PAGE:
The 9 best short-term investments to hold money for real estate deals


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You don’t always know when a killer real estate deal will come along. Sometimes you wait months or longer for the right deal.

Plus, it takes time to save up a down payment. Even if you borrow 80% with an investment property loan, you still need $100,000 for a $500,000 property.


All of which means real estate investors need places to park their money while they prepare to buy their next property. So what are your best options for short-term investing? Start here in your search for the best short-term investments.

What You Want in Short-Term Investments

Your goals for short-term investments are different from long-term investments. Rather than chasing the highest possible returns, look for the following when investing short-term:

    • Low Risk/Volatility: Imagine you set aside some money for a down payment on a rental property by investing it in the stock market. Then as soon as you find a good deal on a property, the stock market crashes, evaporating 25% of your funds. Suddenly you no longer have enough cash for the deal, and it slips through your fingers. For short-term investments, you need safe, secure investments, rather than counting on the high historical average returns on stocks.
    • Liquidity: With short-term investments, you often don’t know exactly when you’ll need to pull out your money. When the time comes, you may need to move fast. That means you need highly liquid investments that you can access easily as opposed to illiquid but high-return investments like Fundriseand Streitwise.
    • No Transaction Costs: If you have to pay hefty fees to move money in and out of your investments, it defeats the purpose of short-term investments. For example, investment properties cost thousands of dollars to buy or sell, in addition to their poor liquidity — which is precisely why they’re long-term investments.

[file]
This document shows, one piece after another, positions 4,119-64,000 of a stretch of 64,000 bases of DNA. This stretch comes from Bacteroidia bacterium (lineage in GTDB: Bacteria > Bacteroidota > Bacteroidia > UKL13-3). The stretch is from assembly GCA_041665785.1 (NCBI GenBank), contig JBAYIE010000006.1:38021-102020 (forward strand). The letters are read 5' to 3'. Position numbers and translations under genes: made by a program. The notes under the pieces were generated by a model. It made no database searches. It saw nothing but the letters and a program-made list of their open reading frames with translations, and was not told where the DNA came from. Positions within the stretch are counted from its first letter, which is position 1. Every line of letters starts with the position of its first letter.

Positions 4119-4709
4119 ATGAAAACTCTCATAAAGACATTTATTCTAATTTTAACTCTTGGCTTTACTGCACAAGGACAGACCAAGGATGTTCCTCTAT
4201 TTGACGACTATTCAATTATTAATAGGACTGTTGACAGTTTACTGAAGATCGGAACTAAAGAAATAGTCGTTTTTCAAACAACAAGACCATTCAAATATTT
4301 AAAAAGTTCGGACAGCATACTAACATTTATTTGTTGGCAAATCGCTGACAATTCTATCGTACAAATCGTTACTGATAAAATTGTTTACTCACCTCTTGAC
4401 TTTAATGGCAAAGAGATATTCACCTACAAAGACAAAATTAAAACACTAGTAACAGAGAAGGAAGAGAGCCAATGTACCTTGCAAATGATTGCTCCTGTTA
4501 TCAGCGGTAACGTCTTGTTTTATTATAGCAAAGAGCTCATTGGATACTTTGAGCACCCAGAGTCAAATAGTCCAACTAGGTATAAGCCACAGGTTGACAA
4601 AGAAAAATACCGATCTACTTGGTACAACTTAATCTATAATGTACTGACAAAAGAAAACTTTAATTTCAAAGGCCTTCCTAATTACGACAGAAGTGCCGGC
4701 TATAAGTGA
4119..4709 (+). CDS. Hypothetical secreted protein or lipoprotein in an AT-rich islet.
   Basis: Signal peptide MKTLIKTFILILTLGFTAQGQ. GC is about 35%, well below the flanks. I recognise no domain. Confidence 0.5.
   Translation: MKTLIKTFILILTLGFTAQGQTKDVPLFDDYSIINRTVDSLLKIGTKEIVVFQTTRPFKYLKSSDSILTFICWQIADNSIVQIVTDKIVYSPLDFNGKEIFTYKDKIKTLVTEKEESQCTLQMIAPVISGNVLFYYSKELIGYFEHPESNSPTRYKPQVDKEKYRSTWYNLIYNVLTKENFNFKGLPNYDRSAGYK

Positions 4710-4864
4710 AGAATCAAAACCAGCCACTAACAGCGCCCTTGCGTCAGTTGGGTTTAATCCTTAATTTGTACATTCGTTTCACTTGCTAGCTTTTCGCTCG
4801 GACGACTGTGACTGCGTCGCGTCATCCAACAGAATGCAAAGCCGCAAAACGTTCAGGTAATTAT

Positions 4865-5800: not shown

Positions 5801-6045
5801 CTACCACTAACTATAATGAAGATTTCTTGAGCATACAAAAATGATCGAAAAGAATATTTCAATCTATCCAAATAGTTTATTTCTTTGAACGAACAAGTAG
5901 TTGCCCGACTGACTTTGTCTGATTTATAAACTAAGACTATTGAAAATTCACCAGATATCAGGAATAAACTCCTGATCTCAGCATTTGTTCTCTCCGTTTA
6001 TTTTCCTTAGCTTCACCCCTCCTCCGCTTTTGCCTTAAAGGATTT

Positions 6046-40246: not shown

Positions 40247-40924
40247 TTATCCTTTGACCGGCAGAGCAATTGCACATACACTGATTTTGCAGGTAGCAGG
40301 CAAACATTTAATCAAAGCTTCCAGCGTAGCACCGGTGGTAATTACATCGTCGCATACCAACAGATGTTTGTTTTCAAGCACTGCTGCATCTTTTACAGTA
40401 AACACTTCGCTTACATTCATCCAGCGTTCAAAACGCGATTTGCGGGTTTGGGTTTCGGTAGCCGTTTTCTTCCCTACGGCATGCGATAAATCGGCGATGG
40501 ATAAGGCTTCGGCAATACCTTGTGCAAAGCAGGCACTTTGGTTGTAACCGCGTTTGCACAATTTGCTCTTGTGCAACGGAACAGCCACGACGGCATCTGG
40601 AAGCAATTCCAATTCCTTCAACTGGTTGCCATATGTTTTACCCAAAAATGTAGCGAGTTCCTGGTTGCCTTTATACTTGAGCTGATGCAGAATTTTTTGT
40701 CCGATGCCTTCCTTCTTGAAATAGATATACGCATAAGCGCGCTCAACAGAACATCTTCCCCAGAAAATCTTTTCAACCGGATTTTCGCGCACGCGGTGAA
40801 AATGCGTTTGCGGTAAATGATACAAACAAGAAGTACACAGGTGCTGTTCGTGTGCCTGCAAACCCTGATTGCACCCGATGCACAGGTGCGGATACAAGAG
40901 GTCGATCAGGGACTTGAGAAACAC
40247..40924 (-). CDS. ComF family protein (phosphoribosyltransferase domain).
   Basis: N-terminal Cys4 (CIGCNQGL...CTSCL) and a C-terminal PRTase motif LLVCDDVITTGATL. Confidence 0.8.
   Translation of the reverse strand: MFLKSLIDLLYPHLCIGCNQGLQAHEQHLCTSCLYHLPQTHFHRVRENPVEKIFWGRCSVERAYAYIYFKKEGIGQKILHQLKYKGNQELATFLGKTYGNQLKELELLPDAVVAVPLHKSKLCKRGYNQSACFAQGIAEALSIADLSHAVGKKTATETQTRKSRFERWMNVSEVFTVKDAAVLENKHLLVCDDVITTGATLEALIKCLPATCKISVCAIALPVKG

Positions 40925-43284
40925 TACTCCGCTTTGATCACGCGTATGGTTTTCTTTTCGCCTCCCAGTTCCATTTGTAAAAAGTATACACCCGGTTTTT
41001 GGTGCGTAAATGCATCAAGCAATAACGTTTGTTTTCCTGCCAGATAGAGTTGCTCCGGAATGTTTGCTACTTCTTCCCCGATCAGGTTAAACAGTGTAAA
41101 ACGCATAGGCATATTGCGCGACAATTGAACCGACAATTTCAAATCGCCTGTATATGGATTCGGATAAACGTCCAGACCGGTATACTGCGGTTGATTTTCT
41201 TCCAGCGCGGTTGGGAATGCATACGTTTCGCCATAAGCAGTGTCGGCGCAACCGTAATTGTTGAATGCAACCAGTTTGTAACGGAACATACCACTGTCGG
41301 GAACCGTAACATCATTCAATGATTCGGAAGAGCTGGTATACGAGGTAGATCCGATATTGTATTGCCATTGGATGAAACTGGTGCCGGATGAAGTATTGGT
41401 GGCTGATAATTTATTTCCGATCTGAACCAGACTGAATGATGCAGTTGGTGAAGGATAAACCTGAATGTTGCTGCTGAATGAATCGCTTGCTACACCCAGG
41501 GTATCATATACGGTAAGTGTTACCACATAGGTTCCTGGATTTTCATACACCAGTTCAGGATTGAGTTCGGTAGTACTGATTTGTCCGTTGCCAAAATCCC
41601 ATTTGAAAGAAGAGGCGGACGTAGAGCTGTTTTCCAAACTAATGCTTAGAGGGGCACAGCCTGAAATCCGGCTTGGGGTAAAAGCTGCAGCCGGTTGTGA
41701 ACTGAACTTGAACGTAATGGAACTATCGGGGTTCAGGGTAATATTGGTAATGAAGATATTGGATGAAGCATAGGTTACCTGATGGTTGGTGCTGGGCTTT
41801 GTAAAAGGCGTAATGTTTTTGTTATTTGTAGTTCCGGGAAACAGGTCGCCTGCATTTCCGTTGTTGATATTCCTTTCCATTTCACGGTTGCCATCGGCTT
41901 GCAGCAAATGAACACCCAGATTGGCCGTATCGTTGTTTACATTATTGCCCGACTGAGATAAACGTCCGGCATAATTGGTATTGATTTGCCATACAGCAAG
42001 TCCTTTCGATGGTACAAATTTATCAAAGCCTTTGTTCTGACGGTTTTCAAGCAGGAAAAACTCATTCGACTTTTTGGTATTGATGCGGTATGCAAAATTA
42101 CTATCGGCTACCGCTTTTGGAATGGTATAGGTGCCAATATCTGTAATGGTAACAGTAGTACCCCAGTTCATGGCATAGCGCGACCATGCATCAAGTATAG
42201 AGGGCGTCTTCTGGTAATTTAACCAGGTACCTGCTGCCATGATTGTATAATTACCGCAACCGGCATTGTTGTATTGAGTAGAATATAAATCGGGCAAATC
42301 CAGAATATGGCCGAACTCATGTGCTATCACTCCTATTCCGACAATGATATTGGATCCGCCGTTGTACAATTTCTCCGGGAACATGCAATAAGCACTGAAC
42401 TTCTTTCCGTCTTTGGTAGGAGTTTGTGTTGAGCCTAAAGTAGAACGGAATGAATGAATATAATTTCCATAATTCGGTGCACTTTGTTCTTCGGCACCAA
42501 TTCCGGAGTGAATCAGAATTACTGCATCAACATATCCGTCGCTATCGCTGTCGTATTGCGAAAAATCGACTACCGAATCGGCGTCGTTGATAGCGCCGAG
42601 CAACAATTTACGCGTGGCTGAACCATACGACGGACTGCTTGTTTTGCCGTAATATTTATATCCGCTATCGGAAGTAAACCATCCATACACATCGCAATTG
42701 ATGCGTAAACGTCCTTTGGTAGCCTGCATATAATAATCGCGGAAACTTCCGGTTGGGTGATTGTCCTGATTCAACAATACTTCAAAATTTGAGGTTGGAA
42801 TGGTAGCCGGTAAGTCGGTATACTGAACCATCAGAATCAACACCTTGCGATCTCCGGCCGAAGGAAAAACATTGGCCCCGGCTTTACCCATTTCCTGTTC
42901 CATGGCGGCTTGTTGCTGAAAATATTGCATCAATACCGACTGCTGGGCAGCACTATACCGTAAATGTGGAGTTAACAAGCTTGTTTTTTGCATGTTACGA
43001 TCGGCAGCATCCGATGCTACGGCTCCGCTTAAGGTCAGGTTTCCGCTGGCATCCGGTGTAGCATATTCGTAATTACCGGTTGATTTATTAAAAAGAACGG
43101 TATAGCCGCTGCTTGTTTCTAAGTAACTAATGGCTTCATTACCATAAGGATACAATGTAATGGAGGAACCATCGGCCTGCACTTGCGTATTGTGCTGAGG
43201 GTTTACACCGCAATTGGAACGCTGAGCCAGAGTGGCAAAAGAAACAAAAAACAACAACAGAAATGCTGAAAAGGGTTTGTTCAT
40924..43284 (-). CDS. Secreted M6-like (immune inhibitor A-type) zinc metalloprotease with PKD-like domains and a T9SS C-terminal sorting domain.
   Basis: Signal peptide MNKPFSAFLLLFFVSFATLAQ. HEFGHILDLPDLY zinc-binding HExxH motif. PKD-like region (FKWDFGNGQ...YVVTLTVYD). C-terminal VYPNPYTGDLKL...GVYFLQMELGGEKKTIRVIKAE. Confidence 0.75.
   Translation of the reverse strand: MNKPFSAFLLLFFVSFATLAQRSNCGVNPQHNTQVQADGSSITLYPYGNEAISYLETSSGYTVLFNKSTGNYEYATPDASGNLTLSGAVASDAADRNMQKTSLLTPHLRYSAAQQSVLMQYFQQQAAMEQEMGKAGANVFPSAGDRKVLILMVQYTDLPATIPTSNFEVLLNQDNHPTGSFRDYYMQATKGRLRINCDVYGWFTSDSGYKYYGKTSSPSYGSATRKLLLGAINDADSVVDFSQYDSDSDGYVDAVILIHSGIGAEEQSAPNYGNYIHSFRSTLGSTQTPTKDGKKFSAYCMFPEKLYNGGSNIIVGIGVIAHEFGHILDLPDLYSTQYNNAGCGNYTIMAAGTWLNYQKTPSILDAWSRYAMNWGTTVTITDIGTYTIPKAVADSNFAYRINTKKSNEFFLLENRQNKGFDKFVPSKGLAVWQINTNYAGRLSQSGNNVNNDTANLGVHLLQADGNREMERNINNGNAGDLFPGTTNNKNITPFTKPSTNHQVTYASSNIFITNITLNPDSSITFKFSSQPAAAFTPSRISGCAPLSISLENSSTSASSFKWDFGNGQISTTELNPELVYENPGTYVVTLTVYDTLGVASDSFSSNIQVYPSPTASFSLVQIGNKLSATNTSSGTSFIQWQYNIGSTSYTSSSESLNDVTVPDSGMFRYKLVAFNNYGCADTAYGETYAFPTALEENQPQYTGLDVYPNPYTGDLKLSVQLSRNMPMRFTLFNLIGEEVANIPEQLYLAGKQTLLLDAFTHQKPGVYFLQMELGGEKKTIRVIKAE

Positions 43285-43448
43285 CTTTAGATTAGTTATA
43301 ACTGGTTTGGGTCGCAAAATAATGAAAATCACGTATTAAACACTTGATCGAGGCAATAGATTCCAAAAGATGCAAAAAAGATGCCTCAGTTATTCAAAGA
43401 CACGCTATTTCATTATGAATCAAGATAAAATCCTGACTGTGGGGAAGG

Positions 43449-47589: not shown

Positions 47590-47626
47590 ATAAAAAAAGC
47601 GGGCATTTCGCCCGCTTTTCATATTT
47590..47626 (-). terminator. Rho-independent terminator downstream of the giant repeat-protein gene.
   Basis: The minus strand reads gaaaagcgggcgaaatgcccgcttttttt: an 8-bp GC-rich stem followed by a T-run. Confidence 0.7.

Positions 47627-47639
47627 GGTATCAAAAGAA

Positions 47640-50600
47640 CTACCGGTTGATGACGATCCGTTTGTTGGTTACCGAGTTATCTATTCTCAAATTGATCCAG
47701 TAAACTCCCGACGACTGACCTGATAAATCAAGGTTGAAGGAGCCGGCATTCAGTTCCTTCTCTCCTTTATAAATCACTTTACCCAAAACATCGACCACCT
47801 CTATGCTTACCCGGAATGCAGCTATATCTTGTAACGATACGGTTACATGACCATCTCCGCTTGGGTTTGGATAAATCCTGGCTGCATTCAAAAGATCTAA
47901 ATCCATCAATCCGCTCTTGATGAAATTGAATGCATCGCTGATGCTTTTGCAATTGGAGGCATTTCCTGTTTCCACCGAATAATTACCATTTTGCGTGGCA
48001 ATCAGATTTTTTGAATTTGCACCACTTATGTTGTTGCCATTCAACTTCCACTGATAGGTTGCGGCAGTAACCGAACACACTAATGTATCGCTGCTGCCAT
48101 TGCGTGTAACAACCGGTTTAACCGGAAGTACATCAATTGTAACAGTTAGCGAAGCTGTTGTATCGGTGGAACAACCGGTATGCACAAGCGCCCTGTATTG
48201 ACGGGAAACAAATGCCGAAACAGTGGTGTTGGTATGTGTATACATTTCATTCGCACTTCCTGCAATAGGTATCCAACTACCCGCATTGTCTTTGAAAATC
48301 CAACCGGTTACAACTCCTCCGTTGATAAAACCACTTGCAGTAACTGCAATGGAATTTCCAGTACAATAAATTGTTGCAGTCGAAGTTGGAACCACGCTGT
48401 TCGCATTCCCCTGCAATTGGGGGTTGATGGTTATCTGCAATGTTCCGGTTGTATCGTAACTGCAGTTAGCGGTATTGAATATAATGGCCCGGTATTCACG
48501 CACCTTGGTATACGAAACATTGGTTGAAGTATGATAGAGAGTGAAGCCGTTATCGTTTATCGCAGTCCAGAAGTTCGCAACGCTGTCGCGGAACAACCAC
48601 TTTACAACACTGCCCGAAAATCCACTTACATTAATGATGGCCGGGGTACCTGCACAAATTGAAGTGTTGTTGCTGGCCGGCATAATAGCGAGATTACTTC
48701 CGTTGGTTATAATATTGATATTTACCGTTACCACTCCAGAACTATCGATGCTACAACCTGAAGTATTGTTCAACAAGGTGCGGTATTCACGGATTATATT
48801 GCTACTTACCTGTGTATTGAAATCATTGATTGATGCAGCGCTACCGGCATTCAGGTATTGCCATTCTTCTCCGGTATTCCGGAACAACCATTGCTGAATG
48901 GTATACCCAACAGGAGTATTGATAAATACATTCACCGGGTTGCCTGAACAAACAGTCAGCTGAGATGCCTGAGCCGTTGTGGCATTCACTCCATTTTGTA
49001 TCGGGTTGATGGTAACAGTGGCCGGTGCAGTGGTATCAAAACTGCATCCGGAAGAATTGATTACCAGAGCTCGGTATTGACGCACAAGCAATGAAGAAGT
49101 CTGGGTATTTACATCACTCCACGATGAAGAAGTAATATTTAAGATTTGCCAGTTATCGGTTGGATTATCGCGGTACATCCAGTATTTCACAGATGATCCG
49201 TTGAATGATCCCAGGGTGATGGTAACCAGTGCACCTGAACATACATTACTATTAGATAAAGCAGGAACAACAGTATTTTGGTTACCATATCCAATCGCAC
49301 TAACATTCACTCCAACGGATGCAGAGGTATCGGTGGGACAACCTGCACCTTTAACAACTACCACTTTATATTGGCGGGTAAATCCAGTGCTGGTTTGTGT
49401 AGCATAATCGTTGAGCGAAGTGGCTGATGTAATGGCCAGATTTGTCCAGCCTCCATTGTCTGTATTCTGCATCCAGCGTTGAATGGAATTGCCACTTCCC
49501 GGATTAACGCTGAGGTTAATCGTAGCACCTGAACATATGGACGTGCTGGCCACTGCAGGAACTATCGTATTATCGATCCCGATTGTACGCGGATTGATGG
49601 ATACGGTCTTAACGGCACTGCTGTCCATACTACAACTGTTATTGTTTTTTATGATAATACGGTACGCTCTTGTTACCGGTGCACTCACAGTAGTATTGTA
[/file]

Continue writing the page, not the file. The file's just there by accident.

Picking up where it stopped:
Best Short-Term Investments

As a general rule, higher returns require a higher level of risk. So if you want low-risk investments with strong liquidity, don’t expect massive returns.

But that doesn’t mean every single short-term investment option pays out weak returns.

The following list starts with the lowest risk and returns, with rising risk and returns as the list goes on. Know your needs and risk tolerance and invest accordingly!

1. High-Yield Savings Accounts

The Federal Deposit Insurance Corporation (FDIC) insures all bank accounts and money market accounts, up to $250,000. In other words, these accounts come with virtually no risk, short of a zombie apocalypse.

And they pay accordingly.

Even high-yield savings accounts and money market accounts only pay 1-2% interest currently, maybe 2.5% if you find a unicorn deal. You’ll still lose money to inflation, but that’s the cost of being conservative.

2. Treasury Bills (T-Bills)

The US Treasury Department issues short-term bonds called Treasury Bills, or T-Bills among the cool crowd.

They range from a few days up to a year to count as “T-Bills” rather than “Treasury bonds.” The longer the term, the higher the interest rate, but don’t get excited. Even the longest don’t pay well.

At the time of this writing in June 2022, 4-week T-Bills pay around 1.2% annual rate of return, and interest ranges up to around 2.8% for a 52-week T-Bill. Again, you’ll lose money to inflation in the current environment.

But again, they’re guaranteed by Uncle Sam, so they come with zero risk.

3. Treasury Inflation-Protected Securities (TIPS)

Treasury Inflation-Protected Securities, which also come with their own nifty nickname of “TIPS,” are Treasury bonds with a unique trick up their sleeve. The face value adjusts based on the Consumer Price Index (CPI), so the value adjusts by the inflation rate.

These bonds also pay a small interest rate as well, on top of adjusting in value for inflation. For example, imagine you buy a TIPS bond for $1,000, paying 1.5% interest on the face value of the bond. After a year, inflation has risen at 5%, so the face value of your TIPS bond adjusts upward to $1,050, and you collect 1.5% interest on that higher $1,050 face value ($15.75) rather than your original $1,000 purchase price. Upon maturity, the Treasury pays you back the current face value, or your original face value in the unlikely scenario we had deflation.

In high-interest environments like today’s, they’re not a bad place to hold your money.

4.  Short-Term Bond Funds